J. L. BELL is a Massachusetts writer who specializes in (among other things) the start of the American Revolution in and around Boston. He is particularly interested in the experiences of children in 1765-75. He has published scholarly papers and popular articles for both children and adults. He was consultant for an episode of History Detectives, and contributed to a display at Minute Man National Historic Park.

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Saturday, July 10, 2010

O. W. Holmes: “Under the Brave Old Tree”

Dr. Oliver Wendell Holmes (1809-1894) was born in the house beside Cambridge common which Gen. Artemas Ward and the Massachusetts Committee of Safety used as their headquarters in the first weeks of the Revolutionary War.

From his father Holmes inherited a keen sense of local history, which came out in poems like “The Last Leaf,” “Dorothy Q,” and “Old Ironsides.” He grew up within sight of the tree that by the late 1830s had become known as the “Washington Elm.”

As the U.S. Civil War began, Holmes took inspiration from that tree for this poem:

Under the Washington Elm, Cambridge
April 27, 1861


EIGHTY years have passed, and more,
Since under the brave old tree
Our fathers gathered in arms, and swore
They would follow the sign their banners bore,
And fight till the land was free.

Half of their work was done,
Half is left to do,—
Cambridge, and Concord, and Lexington!
When the battle is fought and won,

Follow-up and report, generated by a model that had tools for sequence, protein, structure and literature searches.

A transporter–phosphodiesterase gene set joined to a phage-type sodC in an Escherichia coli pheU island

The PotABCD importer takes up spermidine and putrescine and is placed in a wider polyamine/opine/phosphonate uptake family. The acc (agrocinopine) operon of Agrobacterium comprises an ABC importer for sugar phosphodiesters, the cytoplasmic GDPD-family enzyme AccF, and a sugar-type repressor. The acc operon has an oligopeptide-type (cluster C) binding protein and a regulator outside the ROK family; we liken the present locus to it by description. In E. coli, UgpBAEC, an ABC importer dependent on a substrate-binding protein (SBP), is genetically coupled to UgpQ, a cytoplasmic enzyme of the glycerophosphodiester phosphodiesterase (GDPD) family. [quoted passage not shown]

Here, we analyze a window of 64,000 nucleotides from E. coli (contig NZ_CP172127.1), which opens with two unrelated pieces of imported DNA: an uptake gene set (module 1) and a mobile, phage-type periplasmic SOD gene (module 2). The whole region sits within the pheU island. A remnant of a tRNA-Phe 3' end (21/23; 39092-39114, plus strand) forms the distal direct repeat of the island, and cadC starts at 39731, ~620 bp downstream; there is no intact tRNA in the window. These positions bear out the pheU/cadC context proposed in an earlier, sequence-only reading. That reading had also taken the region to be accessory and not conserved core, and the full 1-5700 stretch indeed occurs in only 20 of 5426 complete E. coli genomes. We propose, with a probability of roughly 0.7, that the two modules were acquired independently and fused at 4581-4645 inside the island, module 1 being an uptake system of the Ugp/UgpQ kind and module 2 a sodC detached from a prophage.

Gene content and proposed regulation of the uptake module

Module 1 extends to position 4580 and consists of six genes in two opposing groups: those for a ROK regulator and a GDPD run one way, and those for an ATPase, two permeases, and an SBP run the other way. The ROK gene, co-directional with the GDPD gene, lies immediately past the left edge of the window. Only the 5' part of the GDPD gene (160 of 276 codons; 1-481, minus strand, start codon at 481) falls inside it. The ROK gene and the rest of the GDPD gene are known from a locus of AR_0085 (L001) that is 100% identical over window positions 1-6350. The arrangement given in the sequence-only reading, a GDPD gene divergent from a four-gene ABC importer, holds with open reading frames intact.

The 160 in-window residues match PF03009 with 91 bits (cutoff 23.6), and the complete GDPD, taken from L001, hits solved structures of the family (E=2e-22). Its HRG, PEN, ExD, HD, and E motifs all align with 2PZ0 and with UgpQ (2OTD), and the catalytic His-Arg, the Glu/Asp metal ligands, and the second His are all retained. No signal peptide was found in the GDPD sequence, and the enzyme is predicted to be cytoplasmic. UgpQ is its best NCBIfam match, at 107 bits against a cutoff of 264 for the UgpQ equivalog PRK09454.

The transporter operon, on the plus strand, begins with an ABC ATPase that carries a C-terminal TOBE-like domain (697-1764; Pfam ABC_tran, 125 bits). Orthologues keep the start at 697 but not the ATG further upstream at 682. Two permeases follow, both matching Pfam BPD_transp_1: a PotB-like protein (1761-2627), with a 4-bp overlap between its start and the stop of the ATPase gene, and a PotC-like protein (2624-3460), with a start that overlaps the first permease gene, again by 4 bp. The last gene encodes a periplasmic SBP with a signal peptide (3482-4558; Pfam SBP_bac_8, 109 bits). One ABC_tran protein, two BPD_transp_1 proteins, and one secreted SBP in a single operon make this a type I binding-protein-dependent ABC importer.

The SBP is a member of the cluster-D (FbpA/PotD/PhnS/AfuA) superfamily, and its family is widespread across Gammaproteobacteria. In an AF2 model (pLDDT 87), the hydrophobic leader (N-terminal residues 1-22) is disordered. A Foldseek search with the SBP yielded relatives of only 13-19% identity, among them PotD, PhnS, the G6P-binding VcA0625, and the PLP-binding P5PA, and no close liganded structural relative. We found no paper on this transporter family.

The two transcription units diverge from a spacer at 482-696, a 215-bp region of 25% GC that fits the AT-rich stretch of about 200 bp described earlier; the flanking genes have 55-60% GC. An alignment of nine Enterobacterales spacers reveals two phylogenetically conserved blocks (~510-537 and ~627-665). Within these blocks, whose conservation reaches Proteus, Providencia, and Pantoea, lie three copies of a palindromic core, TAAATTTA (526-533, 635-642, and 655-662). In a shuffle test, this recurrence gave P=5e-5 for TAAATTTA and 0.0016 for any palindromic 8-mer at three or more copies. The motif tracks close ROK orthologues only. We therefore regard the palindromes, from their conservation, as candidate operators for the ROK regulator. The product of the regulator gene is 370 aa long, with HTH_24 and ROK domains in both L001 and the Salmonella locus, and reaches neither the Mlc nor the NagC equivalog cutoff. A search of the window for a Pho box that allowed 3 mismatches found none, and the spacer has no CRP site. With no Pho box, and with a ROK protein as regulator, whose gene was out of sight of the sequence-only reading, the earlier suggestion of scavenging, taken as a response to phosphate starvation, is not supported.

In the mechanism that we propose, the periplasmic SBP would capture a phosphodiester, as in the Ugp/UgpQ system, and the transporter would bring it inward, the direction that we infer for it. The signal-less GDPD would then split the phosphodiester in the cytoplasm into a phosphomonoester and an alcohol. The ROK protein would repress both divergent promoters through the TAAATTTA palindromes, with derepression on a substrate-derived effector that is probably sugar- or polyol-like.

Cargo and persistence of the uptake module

What shall be told of you?

Hark!—’tis the south-wind moans,—
Who are the martyrs down?
Ah, the marrow was true in your children’s bones
That sprinkled with blood the cursed stones
Of the murder-haunted town!

What if the storm-clouds blow?
What if the green leaves fall?
Better the crashing tempest’s throe
Than the army of worms that gnawed below;
Trample them one and all!

Then, when the battle is won,
And the land from traitors free,
Our children shall tell of the strife begun
When Liberty’s second April sun
Was bright on our brave old tree!
According to the American Literary Blog’s analysis of this poem, shortly before Holmes wrote, his namesake son had enlisted to serve in the Union Army after Harvard. It looks like the poet was also responding to news of the riot in Baltimore on 19 Apr 1861 in which four Massachusetts soldiers and twelve local Confederate sympathizers died.

Notably, Holmes did not mention Washington, except in the title of his poem. He emphasized “Our fathers,” the collective community of Cambridge, rather than one heroic leader. His main allusion was to the alleged gathering of militiamen on Cambridge common on 19 Apr 1775 rather than the arrival of the commander-in-chief months later.

TOMORROW: Yet more Victorian poetry.

1 comment:

Rob Velella said...

I do like this poem! Then again, I love most of Holmes's poetry.